Why property investors are feeling the pinch


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Australia's landlords, battling steep rises in interest rates, are at the same time being labelled as 'greedy' as they try to recoup some of their increased outgoings by raising rents.

Because demand for rental properties is far outstripping supply, rentals have skyrocketed but not by enough to cover landlords' rising costs, according to modelling by CoreLogic, the property data service.

This imbalance in supply and demand has been labelled a rental crisis and has become a political issue, with the Greens housing spokesman, Max Chandler-Mather, saying Australian renters are treated as 'second-class citizens'.

property investors forced to sell

The Greens have been campaigning for a two-year rent freeze, followed by a cap on yearly increases.

In the wake of this, state and territory governments agreed to tenant reforms at a national cabinet meeting in August, including a limit on rent increases to once a year and minimum rental standards.

Rising rents vs interest rates

Residential rents have increased by an average 9.4% across Australia in the year to July 2023, according to CoreLogic.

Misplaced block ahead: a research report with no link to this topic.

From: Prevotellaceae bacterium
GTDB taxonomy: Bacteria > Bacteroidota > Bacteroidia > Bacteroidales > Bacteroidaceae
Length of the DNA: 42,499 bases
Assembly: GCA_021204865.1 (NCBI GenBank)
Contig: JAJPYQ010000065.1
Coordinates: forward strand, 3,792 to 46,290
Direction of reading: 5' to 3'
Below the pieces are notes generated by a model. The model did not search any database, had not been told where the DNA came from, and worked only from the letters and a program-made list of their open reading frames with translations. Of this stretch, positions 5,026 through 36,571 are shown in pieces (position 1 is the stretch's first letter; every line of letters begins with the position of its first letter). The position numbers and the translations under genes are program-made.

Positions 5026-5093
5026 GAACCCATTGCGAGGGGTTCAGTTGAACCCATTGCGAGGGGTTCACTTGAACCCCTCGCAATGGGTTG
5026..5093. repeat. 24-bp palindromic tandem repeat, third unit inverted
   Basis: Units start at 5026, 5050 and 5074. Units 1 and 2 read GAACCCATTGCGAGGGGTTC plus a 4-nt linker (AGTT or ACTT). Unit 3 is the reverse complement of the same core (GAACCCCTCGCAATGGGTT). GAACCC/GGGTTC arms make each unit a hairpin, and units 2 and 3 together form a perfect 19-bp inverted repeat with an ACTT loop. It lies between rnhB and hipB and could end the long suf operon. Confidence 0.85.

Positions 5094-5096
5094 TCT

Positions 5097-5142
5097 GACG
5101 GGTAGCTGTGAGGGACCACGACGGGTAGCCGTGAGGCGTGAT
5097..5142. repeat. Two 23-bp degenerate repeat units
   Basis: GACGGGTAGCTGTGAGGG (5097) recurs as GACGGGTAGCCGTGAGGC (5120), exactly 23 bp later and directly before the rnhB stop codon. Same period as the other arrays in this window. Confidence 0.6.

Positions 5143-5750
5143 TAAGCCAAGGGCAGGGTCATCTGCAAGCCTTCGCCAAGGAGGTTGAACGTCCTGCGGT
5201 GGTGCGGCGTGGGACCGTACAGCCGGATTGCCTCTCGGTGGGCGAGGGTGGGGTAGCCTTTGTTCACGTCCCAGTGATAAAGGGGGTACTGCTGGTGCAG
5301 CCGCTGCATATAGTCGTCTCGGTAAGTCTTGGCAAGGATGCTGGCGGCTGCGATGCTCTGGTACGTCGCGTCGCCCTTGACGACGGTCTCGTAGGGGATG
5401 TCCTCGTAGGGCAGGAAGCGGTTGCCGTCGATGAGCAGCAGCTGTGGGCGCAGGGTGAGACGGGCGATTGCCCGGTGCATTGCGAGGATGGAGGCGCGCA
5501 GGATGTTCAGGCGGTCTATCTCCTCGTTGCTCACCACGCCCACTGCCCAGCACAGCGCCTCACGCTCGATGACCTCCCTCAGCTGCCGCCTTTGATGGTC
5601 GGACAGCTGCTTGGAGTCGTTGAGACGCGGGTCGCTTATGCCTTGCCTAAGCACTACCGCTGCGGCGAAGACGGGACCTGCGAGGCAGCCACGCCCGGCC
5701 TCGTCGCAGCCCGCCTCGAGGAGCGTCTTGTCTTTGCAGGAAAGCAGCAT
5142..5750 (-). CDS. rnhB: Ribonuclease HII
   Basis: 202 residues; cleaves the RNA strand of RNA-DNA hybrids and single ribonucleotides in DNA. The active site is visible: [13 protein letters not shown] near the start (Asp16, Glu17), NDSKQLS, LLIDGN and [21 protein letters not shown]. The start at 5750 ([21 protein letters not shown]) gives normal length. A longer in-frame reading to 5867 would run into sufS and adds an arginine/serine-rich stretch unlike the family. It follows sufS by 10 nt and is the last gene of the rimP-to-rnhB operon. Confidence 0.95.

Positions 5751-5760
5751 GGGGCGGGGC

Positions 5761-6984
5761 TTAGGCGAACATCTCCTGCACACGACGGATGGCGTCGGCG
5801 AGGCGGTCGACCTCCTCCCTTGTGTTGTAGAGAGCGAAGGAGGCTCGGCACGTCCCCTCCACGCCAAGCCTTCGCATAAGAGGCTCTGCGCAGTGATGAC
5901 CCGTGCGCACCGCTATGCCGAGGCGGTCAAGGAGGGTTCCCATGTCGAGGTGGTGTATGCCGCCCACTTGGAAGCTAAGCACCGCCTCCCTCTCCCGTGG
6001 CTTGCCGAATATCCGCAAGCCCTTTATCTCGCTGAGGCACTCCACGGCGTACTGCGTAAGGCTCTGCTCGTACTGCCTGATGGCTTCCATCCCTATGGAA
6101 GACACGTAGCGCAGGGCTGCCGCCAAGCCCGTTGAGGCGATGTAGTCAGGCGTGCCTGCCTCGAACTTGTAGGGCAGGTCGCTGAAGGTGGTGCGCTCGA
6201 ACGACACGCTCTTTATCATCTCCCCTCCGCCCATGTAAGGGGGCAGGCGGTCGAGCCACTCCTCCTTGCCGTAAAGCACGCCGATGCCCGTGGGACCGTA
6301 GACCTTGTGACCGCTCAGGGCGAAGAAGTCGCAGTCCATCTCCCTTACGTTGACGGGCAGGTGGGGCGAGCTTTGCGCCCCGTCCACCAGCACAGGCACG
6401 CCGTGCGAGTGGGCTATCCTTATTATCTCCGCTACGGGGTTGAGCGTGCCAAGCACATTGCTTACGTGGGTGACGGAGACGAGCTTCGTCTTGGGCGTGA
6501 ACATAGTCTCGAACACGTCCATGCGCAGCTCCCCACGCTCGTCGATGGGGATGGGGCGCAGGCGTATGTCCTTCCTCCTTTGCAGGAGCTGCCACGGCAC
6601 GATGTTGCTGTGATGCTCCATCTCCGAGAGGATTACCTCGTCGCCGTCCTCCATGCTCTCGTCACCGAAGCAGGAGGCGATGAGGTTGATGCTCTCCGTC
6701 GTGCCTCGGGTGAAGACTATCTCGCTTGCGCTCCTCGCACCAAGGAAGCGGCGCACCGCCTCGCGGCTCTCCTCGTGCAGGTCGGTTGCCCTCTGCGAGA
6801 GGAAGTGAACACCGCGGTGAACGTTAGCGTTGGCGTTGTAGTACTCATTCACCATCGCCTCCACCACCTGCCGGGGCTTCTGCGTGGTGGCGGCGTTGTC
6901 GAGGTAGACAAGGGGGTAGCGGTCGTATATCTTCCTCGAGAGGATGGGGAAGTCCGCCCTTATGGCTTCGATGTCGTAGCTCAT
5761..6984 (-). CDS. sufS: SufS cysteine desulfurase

Rises were higher in the capital cities at an average of 11.3%. Perth (13.5%), Melbourne (12.9%) and Sydney (12.4%) scored the biggest gains.

But even this has not been enough to compensate landlords for rising rates. CoreLogic median rent values are estimated to have increased by $225 a month over the year to June.

However, the cost of a new investment loan is estimated to have increased by $948 a month on the median Australian dwelling value over the same period.

With further rental rises likely curtailed - not just by legislation but also because rental affordability is being stretched - more investors are likely to turn to negative gearing as they attempt to hold onto their rental properties.

Close to half Australian property investors (46.1%) were negatively geared, meaning rents were not covering interest payments on many investments even before interest rates started to rise, according to tax office data from the 2020-21 financial year.

Tax breaks for landlords are expected to be the fastest growing source of lost revenue to the federal government over the next four years, as rising interest rates push more investors to make use of negative gearing.

Treasury's annual Tax Benchmarks and Variations Statement released in February includes the value of rental property deductions for the first time, estimated to have been responsible for $18 billion in lost revenue in the 2021-22 financial year.

This figure is expected to increase by 35% this year to $24.4 billion because of higher interest rates, which are tax deductible, and total $101.6 billion over the four-year forward estimates.

The increase in lost revenue from rental deductions is more than any other tax expenditure.

Brendan Coates, the Grattan Institute's economic policy program director, said the budgetary effect of negative gearing would rise sharply in the future as higher interest rates forced more investors to record a rental loss.